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Pageant of Summer by Richard Jefferies
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THE PAGEANT OF SUMMER




I.



GREEN rushes, long and thick, standing up above the edge of the
ditch, told the hour of the year as distinctly as the shadow on the
dial the hour of the day. Green and thick and sappy to the touch,
they felt like summer, soft and elastic, as if full of life, mere
rushes though they were. On the fingers they left a green scent;
rushes have a separate scent of green, so, too, have ferns, very
different from that of grass or leaves. Rising from brown sheaths,
the tall stems enlarged a little in the middle, like classical
columns, and heavy with their sap and freshness, leaned against the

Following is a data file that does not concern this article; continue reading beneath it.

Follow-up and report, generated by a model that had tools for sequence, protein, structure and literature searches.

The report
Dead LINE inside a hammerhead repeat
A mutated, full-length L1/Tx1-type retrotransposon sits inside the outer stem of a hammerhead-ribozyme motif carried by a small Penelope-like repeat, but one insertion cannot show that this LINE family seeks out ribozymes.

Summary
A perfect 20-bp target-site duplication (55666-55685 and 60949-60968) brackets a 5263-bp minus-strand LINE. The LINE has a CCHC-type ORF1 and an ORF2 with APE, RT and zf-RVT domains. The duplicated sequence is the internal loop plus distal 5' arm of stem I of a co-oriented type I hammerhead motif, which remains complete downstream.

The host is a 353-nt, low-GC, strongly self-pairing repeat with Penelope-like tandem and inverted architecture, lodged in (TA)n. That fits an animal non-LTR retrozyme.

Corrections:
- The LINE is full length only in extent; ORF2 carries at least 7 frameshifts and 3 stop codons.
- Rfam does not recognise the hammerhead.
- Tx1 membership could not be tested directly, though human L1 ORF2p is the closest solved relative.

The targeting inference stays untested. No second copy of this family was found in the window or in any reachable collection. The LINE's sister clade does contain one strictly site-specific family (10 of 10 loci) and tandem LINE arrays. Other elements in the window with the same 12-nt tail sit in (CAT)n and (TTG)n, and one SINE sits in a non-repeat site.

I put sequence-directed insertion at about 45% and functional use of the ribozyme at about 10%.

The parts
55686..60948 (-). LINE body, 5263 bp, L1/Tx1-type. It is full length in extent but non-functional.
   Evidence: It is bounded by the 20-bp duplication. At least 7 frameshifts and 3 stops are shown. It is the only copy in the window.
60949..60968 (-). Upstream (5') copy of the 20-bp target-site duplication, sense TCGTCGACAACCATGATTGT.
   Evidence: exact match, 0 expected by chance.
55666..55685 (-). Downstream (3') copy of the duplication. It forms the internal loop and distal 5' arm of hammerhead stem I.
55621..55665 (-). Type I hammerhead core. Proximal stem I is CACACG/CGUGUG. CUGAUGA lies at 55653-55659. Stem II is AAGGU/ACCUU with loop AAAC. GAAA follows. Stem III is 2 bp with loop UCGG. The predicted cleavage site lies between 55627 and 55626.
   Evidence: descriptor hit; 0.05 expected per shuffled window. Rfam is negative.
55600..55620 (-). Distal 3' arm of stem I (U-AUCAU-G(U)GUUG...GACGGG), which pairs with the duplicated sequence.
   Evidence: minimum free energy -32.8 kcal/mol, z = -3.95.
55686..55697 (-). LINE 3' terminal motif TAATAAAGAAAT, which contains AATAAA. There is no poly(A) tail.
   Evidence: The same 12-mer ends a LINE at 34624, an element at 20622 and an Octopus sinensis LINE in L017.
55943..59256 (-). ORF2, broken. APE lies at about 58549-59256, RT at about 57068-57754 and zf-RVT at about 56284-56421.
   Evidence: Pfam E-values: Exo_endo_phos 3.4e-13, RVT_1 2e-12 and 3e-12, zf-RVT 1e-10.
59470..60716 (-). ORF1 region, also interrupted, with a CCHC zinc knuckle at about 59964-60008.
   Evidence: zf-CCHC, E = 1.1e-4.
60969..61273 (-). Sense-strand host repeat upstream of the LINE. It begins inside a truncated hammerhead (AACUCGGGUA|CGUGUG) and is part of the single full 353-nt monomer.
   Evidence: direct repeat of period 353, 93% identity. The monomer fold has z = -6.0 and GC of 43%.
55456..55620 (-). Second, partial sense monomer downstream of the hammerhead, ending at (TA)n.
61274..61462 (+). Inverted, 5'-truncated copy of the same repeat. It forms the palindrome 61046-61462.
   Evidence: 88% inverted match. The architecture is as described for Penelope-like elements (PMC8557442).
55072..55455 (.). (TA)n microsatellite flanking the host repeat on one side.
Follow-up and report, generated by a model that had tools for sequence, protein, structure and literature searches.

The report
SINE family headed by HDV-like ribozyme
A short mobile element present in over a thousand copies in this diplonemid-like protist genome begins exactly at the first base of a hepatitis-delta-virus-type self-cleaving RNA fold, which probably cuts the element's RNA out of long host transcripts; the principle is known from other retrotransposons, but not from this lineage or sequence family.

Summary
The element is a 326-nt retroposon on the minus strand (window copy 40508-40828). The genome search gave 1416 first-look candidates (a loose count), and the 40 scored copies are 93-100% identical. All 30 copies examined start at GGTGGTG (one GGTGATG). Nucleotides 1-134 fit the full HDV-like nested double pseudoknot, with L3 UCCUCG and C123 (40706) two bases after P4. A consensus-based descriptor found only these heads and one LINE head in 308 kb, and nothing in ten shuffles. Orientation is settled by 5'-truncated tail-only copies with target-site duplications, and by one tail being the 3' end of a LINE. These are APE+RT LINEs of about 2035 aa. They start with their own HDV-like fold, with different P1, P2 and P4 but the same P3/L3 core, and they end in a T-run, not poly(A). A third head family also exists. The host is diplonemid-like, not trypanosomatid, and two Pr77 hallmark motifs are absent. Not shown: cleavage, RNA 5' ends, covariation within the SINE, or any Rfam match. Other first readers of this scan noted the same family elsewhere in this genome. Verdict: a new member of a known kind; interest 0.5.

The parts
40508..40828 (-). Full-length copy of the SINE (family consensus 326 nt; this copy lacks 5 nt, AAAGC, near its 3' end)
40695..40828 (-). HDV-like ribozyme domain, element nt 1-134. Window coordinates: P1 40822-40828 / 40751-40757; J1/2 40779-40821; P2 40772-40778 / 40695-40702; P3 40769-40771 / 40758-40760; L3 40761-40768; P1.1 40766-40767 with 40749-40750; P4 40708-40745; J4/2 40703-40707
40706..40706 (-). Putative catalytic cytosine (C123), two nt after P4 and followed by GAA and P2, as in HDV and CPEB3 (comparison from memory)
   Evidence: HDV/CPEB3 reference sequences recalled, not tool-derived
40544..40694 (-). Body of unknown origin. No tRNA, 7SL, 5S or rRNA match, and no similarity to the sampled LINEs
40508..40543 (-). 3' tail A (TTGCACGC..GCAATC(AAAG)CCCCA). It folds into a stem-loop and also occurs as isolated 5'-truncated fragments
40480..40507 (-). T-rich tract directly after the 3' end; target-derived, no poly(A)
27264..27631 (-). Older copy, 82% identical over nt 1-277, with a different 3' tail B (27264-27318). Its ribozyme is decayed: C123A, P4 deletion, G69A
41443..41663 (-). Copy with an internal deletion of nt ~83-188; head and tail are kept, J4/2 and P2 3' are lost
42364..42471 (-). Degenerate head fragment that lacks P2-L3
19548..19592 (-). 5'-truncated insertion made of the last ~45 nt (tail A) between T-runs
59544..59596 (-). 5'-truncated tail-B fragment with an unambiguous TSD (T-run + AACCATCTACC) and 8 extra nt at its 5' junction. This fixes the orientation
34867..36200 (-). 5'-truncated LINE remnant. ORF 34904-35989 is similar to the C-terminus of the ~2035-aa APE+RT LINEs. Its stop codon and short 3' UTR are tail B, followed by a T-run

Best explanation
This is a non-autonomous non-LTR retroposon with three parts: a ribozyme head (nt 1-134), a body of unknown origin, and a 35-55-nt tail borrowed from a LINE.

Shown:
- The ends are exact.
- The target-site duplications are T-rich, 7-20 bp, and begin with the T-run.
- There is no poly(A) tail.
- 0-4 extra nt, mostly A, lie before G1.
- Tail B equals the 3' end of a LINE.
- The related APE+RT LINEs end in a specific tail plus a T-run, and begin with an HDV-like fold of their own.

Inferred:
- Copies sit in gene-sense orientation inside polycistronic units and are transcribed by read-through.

hawthorn sprays. From the earth they had drawn its moisture, and
made the ditch dry; some of the sweetness of the air had entered
into their fibres, and the rushes - the common rushes - were full
of beautiful summer. The white pollen of early grasses growing on
the edge was dusted from them each time the hawthorn boughs were
shaken by a thrush. These lower sprays came down in among the
grass, and leaves and grass-blades touched. Smooth round stems of
angelica, big as a gun-barrel, hollow and strong, stood on the
slope of the mound, their tiers of well-balanced branches rising
like those of a tree. Such a sturdy growth pushed back the ranks
of hedge parsley in full white flower, which blocked every avenue
and winding bird's-path of the bank. But the "gix," or wild